Our Mission Statement
"To be an organization which offers a coordinated and central approach in addressing the needs of the dyslexic individual, their families and their community, while ensuring a safe place for accelerated learning, healing, education, social interaction and support of individual growth and development."
WHAT WE DO
Our VISION is that any individual, child or adult, who has the 'gift' of dyslexia, will have the opportunity of reaching their full potential. To achieve that:
WE HAVE FOUR OBJECTIVES
To improve awareness and clarity of what dyslexia really is via Public Outreach (free public talks, Conference information sessions, radio, TV, this website and social media). There is much confusion and many misconceptions surrounding a multitude of so-called learning disabilities. We maintain every individual is learning able, some just don't learn the way they are taught, or are currently remediated. All that is needed is knowledge and a shift in perception;
To champion a Preventative approach; Davis Learning Strategies, so that every child, from the moment they enter school, has an equal opportunity to fulfill their full potential. Currently our education system is geared to the verbal conceptualiser, leaving the non-verbal thinker to struggle. It is possible to reach both ways of thinking with one method, and if used from Kindergarten, the challenges have no reason to occur.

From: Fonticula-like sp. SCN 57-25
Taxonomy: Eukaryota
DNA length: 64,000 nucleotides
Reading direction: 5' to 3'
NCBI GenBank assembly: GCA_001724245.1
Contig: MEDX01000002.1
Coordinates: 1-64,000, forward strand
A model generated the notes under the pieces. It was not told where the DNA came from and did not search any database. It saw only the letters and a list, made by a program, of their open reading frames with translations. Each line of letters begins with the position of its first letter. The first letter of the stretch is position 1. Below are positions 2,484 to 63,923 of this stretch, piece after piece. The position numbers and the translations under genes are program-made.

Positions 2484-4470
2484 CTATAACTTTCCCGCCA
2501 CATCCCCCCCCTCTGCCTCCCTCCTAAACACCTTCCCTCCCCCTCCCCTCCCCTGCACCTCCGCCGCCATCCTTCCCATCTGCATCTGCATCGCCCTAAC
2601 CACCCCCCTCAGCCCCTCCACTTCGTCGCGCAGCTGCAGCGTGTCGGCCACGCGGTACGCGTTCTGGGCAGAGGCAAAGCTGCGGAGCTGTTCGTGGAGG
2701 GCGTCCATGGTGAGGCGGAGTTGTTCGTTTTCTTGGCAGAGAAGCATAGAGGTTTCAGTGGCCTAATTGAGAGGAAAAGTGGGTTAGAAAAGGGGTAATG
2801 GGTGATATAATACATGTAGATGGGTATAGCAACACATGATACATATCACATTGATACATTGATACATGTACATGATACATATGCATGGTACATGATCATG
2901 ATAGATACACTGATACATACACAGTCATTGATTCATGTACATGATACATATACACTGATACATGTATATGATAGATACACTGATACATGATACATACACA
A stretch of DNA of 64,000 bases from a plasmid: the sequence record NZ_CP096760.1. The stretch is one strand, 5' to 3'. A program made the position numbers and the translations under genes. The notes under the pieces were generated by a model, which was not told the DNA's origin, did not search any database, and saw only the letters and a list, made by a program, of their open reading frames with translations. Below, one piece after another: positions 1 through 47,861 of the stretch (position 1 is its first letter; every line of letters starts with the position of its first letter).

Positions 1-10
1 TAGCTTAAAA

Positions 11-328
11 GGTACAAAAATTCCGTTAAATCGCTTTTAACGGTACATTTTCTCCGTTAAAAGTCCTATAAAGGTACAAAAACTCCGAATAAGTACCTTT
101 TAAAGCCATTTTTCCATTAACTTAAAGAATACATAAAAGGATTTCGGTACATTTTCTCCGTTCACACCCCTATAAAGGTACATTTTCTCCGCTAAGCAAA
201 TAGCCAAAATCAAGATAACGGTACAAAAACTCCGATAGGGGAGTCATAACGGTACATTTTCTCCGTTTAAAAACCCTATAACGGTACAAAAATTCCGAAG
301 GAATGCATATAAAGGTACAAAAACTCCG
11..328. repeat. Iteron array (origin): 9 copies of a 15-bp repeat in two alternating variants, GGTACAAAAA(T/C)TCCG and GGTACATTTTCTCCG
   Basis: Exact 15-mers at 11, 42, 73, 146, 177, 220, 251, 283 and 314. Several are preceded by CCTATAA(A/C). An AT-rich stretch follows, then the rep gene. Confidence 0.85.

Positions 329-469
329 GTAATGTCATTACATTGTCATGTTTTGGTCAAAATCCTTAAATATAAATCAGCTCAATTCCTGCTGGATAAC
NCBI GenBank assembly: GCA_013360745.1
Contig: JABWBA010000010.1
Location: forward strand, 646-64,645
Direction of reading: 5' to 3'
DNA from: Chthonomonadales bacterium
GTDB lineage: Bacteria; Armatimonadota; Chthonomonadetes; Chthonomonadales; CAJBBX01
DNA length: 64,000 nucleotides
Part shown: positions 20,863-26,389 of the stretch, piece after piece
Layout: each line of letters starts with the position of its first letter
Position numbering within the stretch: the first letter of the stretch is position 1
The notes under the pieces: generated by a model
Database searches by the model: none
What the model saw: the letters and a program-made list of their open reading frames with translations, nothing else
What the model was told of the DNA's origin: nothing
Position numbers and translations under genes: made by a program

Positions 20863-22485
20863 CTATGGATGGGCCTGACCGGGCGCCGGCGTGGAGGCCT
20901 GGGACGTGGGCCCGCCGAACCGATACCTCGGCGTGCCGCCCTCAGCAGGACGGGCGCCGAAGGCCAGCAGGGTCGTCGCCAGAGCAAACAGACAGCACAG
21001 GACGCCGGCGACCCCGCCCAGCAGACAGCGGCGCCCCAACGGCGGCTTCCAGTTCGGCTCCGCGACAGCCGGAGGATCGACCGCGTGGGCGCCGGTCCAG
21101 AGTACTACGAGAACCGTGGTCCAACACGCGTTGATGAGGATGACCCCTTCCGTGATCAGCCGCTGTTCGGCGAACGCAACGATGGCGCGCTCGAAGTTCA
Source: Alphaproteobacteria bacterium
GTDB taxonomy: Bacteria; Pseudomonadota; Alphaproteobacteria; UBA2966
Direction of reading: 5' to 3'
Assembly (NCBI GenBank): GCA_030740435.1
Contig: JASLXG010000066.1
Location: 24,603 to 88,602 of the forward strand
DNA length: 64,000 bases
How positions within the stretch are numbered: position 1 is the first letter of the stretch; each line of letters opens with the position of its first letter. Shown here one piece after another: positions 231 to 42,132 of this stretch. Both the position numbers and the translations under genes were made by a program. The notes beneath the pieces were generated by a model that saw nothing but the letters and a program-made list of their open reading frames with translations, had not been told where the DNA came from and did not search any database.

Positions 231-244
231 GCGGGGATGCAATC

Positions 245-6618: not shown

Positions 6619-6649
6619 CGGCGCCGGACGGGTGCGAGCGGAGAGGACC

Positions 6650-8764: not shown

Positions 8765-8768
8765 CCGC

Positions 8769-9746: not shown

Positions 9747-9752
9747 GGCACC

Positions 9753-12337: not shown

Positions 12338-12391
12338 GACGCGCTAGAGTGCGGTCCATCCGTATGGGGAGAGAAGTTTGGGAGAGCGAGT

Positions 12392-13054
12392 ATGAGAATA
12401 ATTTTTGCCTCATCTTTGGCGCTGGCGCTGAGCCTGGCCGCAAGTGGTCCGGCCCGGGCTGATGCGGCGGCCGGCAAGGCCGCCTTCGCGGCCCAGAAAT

Fundraise to provide bursaries for the programs we endorse (all Davis Dyslexia Correction programs and Davis Autism Approach programs) to ensure they are available to everyone regardless of financial status. We believe these methods reach the cause of the challenges and bring about self-reliance rather than dependence on accommodations and we believe everyone is entitled to that opportunity;
Our approach is unique in addressing the whole individual and their innate 'gift' of altering perception. It is therefore important to maintain a strong, supportive Community of like-minded individuals, parents and teachers, via dinners, camps, and activity days.
"Statistically, more American children suffer long-term life-harm from the process of learning to read than from parental abuse, accidents, and all other childhood diseases and disorders combined."
"We need to reconceptualize what it means to learn to read and who's responsible for its success of we're going to deal with problem."
An equal opportunity for every child that enters an education system.
Individuals who have the tools, the firm foundations, the control and responsibility for their own learning style.
Individuals who have the opportunity to maintain their self-esteem, and self-worth, enabling them to fulfill their full potential